Next, in your new Notepad file, copy and paste the following code. The bolded words are for reference here. We’ll modify those bolded words in the next step.
CALL :fetch_screenshot_and_code WIDTH, HEIGHT, FILE-NAME, URL
"TARGET" --headless --disable-gpu --enable-logging --window-size=%~1,%2 --screenshot="SCREENSHOT-DESTINATION\%DATE:/=_%-%3.png" %4
"TARGET" --headless --disable-gpu --enable-logging --window-size=%~1,%2 --dump-dom %4 > "SRC-DESTINATION\%DATE:/=_%-%3.txt"
Finalize Batch Code
Now, let’s replace the bolded words. Let’s start at the bottom of the script.
Change both instances of TARGET to the location of your Google Chrome Canary that we installed way back in Step 1.
Change SCREENSHOT-DESTINATION to the screenshot folder you created above.
Change SRC-DESTINATION to the source code folder you created above.
Next, let’s address how we change WIDTH, HEIGHT, and URL. The WIDTH and HEIGHT should be changed to the width and height of the screenshot you want to take. The URL should be changed to the URL that you want to take the screenshot of and fetch the source code for.
Finally, FILE-NAME should be changed to the name of the file you want to save this. I’d suggest using the name of the page or the URL and a note about what device you are looking at with these screen sizes, such as home-page-mobile. You do not need an extension added to the file name as that will be automatically added. As well, the date will be automatically added to our file name with this script.
With everything dropped in, my code looks like this:
Add Additional Pages
The good news is we can fetch multiple pages with this same batch file. We can also fetch different screen sizes of the same page. All we have to do is add additional CALL lines to the top of the code. In this example, I’ve added three extra call statements to look at the home page on desktop as well as mobile and to look at our about page on mobile and desktop. Be sure to give each file you want saved a unique file name.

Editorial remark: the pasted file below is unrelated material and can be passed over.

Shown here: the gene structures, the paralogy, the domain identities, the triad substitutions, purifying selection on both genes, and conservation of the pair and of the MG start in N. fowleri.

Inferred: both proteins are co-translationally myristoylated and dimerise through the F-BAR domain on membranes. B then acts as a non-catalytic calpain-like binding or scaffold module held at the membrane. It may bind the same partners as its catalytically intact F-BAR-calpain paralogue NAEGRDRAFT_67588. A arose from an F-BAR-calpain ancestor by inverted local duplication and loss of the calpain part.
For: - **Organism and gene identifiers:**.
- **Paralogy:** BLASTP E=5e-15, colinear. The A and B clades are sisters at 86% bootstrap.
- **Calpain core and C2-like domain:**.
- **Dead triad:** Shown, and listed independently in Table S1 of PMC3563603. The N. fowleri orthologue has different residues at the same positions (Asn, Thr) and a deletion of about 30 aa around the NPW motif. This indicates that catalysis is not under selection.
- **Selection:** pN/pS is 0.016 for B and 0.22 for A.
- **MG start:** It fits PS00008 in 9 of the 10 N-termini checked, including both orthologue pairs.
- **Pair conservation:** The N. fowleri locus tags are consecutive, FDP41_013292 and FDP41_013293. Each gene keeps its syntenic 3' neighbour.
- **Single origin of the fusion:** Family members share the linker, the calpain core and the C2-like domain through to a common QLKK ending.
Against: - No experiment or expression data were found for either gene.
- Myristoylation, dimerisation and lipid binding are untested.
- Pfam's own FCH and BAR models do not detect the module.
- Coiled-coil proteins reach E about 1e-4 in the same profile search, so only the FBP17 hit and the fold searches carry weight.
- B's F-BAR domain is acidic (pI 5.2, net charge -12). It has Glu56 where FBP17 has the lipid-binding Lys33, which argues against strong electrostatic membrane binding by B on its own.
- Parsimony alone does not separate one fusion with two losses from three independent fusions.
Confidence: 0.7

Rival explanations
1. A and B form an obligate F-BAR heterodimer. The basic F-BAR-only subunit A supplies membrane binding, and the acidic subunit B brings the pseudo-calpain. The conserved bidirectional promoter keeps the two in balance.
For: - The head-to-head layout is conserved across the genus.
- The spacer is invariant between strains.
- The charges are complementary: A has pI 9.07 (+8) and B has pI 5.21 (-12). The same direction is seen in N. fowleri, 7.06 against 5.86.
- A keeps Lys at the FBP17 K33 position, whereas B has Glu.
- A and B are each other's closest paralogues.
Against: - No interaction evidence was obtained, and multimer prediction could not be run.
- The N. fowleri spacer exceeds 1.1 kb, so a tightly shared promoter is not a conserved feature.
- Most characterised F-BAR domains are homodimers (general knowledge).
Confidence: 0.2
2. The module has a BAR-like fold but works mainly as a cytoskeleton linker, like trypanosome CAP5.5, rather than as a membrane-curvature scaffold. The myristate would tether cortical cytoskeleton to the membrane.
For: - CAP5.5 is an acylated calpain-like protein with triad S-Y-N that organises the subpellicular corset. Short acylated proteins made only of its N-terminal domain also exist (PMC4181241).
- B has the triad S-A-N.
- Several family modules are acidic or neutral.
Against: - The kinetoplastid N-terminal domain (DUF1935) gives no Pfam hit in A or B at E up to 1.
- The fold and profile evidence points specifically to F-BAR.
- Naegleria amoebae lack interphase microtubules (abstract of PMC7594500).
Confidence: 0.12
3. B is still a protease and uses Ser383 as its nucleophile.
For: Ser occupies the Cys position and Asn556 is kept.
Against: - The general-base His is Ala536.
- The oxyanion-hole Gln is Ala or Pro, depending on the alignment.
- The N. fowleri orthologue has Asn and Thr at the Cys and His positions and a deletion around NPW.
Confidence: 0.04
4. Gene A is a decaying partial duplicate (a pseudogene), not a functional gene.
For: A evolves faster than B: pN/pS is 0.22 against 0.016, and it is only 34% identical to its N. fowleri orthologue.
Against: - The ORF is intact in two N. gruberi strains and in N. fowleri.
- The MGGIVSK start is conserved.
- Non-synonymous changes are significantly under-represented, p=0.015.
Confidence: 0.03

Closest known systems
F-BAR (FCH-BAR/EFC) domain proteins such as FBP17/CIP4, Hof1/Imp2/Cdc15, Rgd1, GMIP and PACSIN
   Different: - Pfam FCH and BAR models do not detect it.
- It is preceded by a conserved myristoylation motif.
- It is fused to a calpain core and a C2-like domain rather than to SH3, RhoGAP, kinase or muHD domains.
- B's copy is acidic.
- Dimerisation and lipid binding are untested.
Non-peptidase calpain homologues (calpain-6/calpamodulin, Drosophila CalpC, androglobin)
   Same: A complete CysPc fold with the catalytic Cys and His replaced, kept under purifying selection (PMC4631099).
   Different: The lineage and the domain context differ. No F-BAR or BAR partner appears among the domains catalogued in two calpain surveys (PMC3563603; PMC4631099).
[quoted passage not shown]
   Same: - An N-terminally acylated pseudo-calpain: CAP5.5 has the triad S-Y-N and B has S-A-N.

You can download my version of this file here. Note, you will need to adjust file names and the reference to Chrome before running this on your computer. As well, for security reasons, this will download as a TXT file. You will need to re-save as a BAT file.
Run the Batch File
Now, we have the batch file saved and we can run it. To run it, find the batch file on your computer. Right click on the icon and click “Run as administrator”. You’ll be asked if you want to allow this app to make changes to your device. All this app will do is save code and take screenshots so you are good to click “yes” and run the app. Once it runs, return to the source code and screenshot folders you created, and you will see that new files have been added.
Schedule the Batch File (Optional)
Finally, and optionally, you can schedule the batch file to run on a regular schedule. Instead of repeating the steps here, I will refer you over to this great resource from Help Desk Geek on how to schedule a batch file.
Recapping Headless Browsers: Frequently Asked Questions
Which command starts the Google Chrome web browser in headless mode?
You want to use the “–headless” argument in the command line to start Google Chrome Canary in headless mode. Previously you needed to specify the “–disable-gpu” argument with this command but this is no longer necessary.
What is a headless browser?
A headless browser doesn’t have a graphical component. Instead, you interact with a website in the headless browser through code or a command line interface. This is how Googlebot crawls the website. So, by using a headless browser, you are able to see the web the same way Googlebot does.
What is headless browser testing?
With a headless browser, you can automate various forms of testing for your website. This is often easier and quicker than testing in a regular browser because there are no graphics to load, reducing the load on your computer. For SEO, headless browser testing gives you a way to confirm Googlebot will be able to see all the key elements on your website.
Whew, that was easy, right? While it is a lot of steps, hopefully by now you have an idea of how to use a headless browser and have a better understanding of how headless browsers work. I recommend you run your website’s key pages through a headless browser (command line or otherwise) after any major changes. By doing so, you can confirm that Google’s bots can properly see your website’s code. If you have questions or need help, please contact me.